This past week we had the opportunity to listen to Shelley Moore’s TED Talk, and her story about Daniel.
The message of the video emphasizes the importance of presuming competence within our students. We need to trust that our students are competent learners and that they can learn. The student that Shelley was sharing about in her TED talk was able to communicate by using the dictionary’s page numbers to show math competence by flipping through the dictionary to answer math flashcards. As educators, we need to avoid the language and thoughts that a student is “Way too disabled” to learn. That it is our job to find what works for the student and how they can demonstrate their learning. As educators, it requires that we listen, and pay attention to our students. If not we become ignorant and too assuming if we believe that students cannot showcase their learning, we must get creative.
This was not the first time that I have been introduced to the knowledge of Shelley Moore. A colleague sent me the video above a couple months ago, and I believe it tied in nicely to our conversation on lesson planning last week. “Dr. Baked Potato: How Can We Scaffold Complexity” highlights the importance of scaffolding and Universal Design for Learning and how to efficiently utilize our support teams for our students. I have linked the Baked Potato Planning Pyramid that Shelley uses. She discusses the importance of the following goals.
- Get to know the students and identify what supports they need to meet the goal. This needs to be established before the lesson takes place.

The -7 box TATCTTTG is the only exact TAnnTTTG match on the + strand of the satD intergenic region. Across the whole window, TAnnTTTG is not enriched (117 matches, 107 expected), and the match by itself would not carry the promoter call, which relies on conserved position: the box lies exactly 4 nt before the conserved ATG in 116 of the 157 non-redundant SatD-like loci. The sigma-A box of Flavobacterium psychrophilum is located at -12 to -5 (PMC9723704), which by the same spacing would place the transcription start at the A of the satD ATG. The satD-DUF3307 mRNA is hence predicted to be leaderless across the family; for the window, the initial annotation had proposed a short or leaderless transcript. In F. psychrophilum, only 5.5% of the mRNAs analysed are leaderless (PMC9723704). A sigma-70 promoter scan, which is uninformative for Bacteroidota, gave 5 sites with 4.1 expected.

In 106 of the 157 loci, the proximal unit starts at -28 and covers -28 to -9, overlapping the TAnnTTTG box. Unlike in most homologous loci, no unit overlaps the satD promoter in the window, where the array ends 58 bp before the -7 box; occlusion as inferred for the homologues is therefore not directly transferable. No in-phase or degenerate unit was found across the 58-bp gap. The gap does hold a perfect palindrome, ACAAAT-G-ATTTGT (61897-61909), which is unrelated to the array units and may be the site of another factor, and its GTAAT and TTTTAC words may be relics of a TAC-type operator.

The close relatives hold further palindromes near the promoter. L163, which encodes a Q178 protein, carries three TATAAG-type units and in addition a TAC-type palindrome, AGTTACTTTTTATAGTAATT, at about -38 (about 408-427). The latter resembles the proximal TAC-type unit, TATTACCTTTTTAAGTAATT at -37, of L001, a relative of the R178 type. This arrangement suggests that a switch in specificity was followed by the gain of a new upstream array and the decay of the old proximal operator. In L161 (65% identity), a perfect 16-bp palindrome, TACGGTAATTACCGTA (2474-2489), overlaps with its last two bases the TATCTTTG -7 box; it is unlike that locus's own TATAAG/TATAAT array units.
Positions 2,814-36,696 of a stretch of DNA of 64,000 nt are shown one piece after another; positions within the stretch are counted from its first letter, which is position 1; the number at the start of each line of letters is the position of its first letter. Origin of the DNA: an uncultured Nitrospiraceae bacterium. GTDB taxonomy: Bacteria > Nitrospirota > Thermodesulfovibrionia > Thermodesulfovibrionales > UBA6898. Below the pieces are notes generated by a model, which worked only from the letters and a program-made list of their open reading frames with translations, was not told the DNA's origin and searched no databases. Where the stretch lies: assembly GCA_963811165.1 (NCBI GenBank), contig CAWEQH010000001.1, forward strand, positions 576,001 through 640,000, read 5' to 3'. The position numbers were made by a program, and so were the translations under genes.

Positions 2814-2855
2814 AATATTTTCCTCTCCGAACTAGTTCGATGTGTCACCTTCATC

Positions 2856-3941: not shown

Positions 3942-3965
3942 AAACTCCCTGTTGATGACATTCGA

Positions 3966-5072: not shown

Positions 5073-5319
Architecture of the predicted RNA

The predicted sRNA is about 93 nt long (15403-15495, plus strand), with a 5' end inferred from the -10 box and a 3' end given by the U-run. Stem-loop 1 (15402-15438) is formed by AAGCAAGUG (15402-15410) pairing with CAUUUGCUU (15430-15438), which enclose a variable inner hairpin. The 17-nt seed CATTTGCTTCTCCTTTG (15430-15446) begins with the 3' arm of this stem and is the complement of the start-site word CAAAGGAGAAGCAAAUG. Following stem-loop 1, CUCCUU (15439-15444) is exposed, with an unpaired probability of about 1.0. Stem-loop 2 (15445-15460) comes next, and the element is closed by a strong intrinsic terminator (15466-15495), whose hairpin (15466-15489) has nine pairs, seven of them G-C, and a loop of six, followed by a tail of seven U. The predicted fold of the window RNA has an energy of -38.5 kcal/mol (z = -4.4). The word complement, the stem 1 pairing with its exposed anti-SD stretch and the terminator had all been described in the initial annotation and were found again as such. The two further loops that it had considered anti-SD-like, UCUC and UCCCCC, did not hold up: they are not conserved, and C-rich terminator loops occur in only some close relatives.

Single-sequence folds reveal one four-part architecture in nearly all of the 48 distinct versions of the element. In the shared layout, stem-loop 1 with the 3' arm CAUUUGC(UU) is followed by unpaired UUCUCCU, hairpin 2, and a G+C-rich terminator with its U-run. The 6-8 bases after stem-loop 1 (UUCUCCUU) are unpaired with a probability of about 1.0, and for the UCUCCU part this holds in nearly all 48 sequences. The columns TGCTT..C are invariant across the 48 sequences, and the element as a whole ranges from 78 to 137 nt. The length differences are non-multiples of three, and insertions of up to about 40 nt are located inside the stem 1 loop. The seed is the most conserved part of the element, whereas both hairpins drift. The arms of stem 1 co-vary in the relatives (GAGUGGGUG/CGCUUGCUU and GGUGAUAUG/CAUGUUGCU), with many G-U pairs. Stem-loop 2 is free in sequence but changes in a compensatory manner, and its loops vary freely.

- Make sure that all the students understand the most important part of the goal. This needs to be tied to the concept of the lesson and not the activity of the lesson.
- Teach the different challenge options to ALL the students. This is called scaffolding complexity.
- Let ALL the students choose their level of challenge about how they meet the goal.
If we design our lessons this way we focus on what the students can complete rather than what they cannot complete. This student-centered approach will allow students to take control of their own learning.
Decolonizing Possibilities in Special Education
In Yee and Butler’s article, Decolonizing Possibilities in Special Education Services I thought that the research question of how to (re)imagine special education and inclusive education practices to address the needs of Indigenous students tied in with the Shelley Moore video and with culturally responsive pedagogy. This article highlighted four themes to better support ALL our students.
- Critical self-examination
- Holistic assessment measures
- The use of decolonizing teaching approaches,
- Decolonizing special education delivery service models.
Looking at themes three and four, the article highlights that using a strength-based approach and building relationships provides successful opportunities for our students. By building off student interests provides allows students to engage in learning that is relevant to themselves. Universal Design for Learning or a model such as Shelley Moore’s Baked Potato Planning Pyramid provides students autonomy and allows students to oversee their own learning. Furthermore, the article highlights the significance of relationships as a way to decolonize special education delivery service models. Relationships with the community, schools, families, and agencies work to support all students. I believe that these relationships honour the different ways of knowing that Indigenous communities bring and work in partnership with western ideologies. Through a combination of mutual respect and relationships can we begin to honour to goals and successes of Indigenous students and all our students.